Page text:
Home Forums General Conventions and Shows Fall-In! at Lancaster Pennsylvania Reply To: Fall-In! at Lancaster Pennsylvania

Otto Schmidt

<p id=”yui_3_15_0_1_1447161163661_1932″><span id=”yui_3_15_0_5_1447161163661_8″>Dear List</span></p>

<span id=”yui_3_15_0_5_1447161163661_8″>The Flea-Market at Fall in, which the powers that be irreverentially and blasphemously call “Wally’s Basement” is really an event not to be missed. This time it was not very forthcoming in things I absolutely positively had to have, but there have been times when I have spent lots there and found real treasures.</span>
<p id=”yui_3_15_0_1_1447161163661_1934″><span id=”yui_3_15_0_5_1447161163661_12″>One of the aspects of the Flea Market is the barometer of the Hobby. If you want to know what’s out, what’s done, what’s on the decline, wander through the flea-market and take a gander.  If it shows up there on more than four tables, it’s about to die the death of a dog.  A few years ago people were dropping all their Rocco and minitanks and a lot of kits, and now those have pretty much cycled through into collections that want them.  Beyond that, the Flea Market is a good seminar in what not to buy.  </span></p>
<p id=”yui_3_15_0_1_1447161163661_1936″><span id=”yui_3_15_0_5_1447161163661_15″>Year after Year I see in the flea market the war game equivalent of  Girlie Magazines. These are things like “The Waffen SS In FULL  COLOR!!!!!” or tons of popular books on WWI, WWII, anything we got footage on, all of which attribute NOTHING to the hobby and NOTHING to the game, but feed, like girlie books flagging interest in the subject and perhaps a bit of a counterattack against the waning of interest which is the war gamers equivalent of impotence. </span></p>
<p id=”yui_3_15_0_1_1447161163661_1938″><span id=”yui_3_15_0_5_1447161163661_18″>I admit this might be my own prejudice, but I really have no need for a big folio book of color illustrations of tanks and planes and guns which has very little info in it and is only good for dragging down from the shelf and paging through now and then. I have books of pin-ups and sexy girls for that, and the interest is universal and … well neat. Kind of what God had in mind when he created women.  But other than that I can’t see a folio book “The Waffen SS In FULL  COLOR!!!!!” on my coffee table when company comes over or it being a good conversation starter. Of course if you’re a skin-head then perhaps… I once posted on this subject when I acquired piles and piles of popular magazines on WWII and history which obviously were rehashes of each other bought by people for impulse buys at the newsstands, and how there seemed to be an inexhaustible supply of these things.  </span></p>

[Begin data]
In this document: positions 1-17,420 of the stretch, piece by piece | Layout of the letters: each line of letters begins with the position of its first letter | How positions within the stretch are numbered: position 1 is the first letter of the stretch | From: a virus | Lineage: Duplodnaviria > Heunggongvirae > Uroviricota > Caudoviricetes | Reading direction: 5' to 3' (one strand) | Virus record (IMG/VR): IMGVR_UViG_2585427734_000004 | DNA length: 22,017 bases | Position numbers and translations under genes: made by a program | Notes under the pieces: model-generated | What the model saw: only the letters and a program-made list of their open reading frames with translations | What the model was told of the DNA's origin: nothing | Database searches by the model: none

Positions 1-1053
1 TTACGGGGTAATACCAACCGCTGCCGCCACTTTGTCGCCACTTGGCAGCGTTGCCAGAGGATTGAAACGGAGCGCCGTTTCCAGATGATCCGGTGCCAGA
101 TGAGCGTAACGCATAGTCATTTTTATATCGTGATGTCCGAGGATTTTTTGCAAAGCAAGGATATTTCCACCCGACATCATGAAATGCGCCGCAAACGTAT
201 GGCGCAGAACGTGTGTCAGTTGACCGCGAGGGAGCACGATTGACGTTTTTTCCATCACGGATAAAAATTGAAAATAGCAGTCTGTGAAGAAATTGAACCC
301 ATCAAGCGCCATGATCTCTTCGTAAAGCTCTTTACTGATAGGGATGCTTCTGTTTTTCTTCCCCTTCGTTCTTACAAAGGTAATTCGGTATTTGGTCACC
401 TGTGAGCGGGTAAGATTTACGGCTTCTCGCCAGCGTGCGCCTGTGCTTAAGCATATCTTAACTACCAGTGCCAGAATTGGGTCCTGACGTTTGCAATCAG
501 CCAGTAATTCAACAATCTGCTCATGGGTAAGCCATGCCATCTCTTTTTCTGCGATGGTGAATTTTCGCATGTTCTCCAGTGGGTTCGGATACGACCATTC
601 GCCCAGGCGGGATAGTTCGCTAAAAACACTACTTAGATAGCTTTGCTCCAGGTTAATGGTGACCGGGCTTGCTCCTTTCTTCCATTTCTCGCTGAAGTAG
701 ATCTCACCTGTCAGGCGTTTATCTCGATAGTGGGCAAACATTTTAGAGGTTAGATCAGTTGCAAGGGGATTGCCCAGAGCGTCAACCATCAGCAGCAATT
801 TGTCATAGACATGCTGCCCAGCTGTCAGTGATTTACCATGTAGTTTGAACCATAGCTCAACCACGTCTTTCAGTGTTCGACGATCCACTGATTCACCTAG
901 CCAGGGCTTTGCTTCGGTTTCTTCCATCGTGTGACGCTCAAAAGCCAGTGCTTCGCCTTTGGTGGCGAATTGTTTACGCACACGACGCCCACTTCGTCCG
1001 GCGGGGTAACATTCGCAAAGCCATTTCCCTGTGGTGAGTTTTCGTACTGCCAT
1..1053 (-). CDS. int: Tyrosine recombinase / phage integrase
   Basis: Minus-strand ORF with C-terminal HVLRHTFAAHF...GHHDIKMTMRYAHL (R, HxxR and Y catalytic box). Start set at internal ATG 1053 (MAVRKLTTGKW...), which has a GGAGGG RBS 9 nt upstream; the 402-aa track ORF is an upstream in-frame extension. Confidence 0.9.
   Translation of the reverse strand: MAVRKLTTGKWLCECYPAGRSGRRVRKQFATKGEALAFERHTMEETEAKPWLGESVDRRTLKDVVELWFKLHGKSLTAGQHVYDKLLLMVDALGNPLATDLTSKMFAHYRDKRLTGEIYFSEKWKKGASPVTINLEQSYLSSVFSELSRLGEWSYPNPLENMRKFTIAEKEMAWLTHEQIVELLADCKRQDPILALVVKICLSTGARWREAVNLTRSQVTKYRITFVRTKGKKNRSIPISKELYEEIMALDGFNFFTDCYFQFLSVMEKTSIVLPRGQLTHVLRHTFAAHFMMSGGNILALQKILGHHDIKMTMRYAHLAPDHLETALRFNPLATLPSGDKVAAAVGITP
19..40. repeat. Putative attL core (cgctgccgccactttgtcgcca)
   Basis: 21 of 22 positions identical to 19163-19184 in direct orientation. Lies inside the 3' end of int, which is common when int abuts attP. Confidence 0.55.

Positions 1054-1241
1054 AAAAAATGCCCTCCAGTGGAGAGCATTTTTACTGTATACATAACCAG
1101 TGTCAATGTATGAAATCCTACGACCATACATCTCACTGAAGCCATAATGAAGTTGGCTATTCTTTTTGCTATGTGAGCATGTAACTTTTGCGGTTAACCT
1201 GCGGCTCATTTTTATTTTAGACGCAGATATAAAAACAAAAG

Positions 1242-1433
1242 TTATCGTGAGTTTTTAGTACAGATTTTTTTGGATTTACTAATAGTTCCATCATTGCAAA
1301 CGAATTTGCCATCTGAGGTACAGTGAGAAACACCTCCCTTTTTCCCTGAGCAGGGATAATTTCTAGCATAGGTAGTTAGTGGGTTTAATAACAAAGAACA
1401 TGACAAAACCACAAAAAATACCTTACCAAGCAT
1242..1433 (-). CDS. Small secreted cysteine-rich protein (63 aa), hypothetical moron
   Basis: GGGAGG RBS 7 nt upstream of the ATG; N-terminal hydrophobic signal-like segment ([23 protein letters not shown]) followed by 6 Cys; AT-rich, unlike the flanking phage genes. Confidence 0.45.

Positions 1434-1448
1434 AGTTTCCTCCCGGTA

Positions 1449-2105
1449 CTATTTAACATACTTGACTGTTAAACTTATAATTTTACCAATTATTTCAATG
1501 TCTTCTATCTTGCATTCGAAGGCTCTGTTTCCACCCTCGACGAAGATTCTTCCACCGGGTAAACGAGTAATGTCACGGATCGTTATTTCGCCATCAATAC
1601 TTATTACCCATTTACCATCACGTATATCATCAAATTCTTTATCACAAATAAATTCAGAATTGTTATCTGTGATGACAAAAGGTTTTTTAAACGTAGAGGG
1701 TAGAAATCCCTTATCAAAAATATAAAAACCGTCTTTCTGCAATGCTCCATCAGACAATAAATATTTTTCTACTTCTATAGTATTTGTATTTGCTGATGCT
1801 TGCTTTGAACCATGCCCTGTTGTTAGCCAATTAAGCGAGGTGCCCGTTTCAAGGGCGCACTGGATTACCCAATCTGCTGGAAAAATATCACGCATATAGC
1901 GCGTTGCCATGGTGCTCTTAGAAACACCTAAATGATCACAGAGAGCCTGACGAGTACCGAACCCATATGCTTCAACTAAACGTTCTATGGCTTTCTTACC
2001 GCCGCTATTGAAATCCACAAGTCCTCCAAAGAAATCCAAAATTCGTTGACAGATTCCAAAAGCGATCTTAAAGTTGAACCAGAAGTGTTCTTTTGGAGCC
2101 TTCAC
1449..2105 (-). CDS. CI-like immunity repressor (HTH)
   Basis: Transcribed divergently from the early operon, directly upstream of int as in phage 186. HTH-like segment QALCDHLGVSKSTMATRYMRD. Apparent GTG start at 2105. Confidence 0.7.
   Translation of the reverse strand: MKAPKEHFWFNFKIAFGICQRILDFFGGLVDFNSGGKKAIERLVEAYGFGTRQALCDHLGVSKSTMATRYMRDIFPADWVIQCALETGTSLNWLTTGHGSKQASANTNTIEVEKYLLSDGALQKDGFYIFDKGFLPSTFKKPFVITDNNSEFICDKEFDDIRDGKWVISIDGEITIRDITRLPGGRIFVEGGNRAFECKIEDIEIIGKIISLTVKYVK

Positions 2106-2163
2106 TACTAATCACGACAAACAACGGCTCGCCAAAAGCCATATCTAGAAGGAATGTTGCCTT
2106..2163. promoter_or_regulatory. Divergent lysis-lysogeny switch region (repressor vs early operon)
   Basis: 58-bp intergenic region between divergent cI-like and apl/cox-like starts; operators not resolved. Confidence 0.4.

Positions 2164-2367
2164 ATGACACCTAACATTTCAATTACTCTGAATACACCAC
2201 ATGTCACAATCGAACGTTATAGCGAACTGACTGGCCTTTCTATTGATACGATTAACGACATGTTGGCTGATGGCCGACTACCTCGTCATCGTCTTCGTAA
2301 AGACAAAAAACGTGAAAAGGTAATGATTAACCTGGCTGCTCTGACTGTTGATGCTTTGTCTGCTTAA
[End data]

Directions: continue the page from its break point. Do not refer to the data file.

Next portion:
<p id=”yui_3_15_0_1_1447161163661_1942″><span id=”yui_3_15_0_5_1447161163661_22″>Another thing about the Flea-Market is that a lot of terrain seems to be sold off here. I wonder what the table tops these things came from are going to do  for walls and trees and woods and fields and streams now that they are gone.  I have often seen some nice stuff, but always as I am looking at these things I begin to realize that they are “artifacts.” I realize they are not going to really “fit” with my stuff and if I buy them and use them they will look like something I bought and used at a flea market. I see this on table tops all the time. They are obviously collages of this or that terrain piece, which may be striking, clever, heroic, or just plain pretty, but they  rarely “fit” together. with the odd-lot jumble that gamers frequently use. Here I can afford to be snooty and condescending, having long ago made my hexagonal terrain, which once you put together the edges virtually disappear and rolls seamlessly from edge to edge, but  that’s a special case and not many will put that amount of work into it.  Some people make these things just to sell them, and it’s obvious they have never been in a game. The dead give away is they are still intact and haven’t been flattened, crushed, steam-rollered, folded, stapled, spindled, or mutilated by the vicissitudes of real life gaming.  A wry smile comes to my mouth when I see these things, obviously the creations from the Model Railroading guys, and I know how fragile they are.</span></p>
<p id=”yui_3_15_0_1_1447161163661_1959″><span id=”yui_3_15_0_5_1447161163661_25″>I did find at this flea-market several issues of the Avalon Hill General that I had sold off years ago. My first tip-off was the three ring holes in the magazines that I had punched to put them into binders, and the second was I found some of my own notes in the margins on one of them.  No, I did not buy them for old times sake.</span></p>
<p id=”yui_3_15_0_1_1447161163661_1961″><span id=”yui_3_15_0_5_1447161163661_29″>One thing that always is found in the flea market is the truly weird stuff. I can’t even begin to describe this as a class or genre, but can range from things like a 3′ long model of the Victory in a glass case, to super-hero action figures, to odd model kits and  even pottery and statuary.  Some of this you just have to ask “WHY!!!!???” and others might pique your interest now and then.  More particular you wonder how a wa rgamer got hold of it in the first place and why.</span></p>
<p id=”yui_3_15_0_1_1447161163661_1963″><span id=”yui_3_15_0_5_1447161163661_32″>A tour through the flea-market is like a bazaar of the bizarre. It can go from what you have been searching for with a passion for fifteen years, to stuff that you’d never buy in a million.</span></p>
<p id=”yui_3_15_0_1_1447161163661_1965″><span id=”yui_3_15_0_5_1447161163661_35″>Otto</span></p>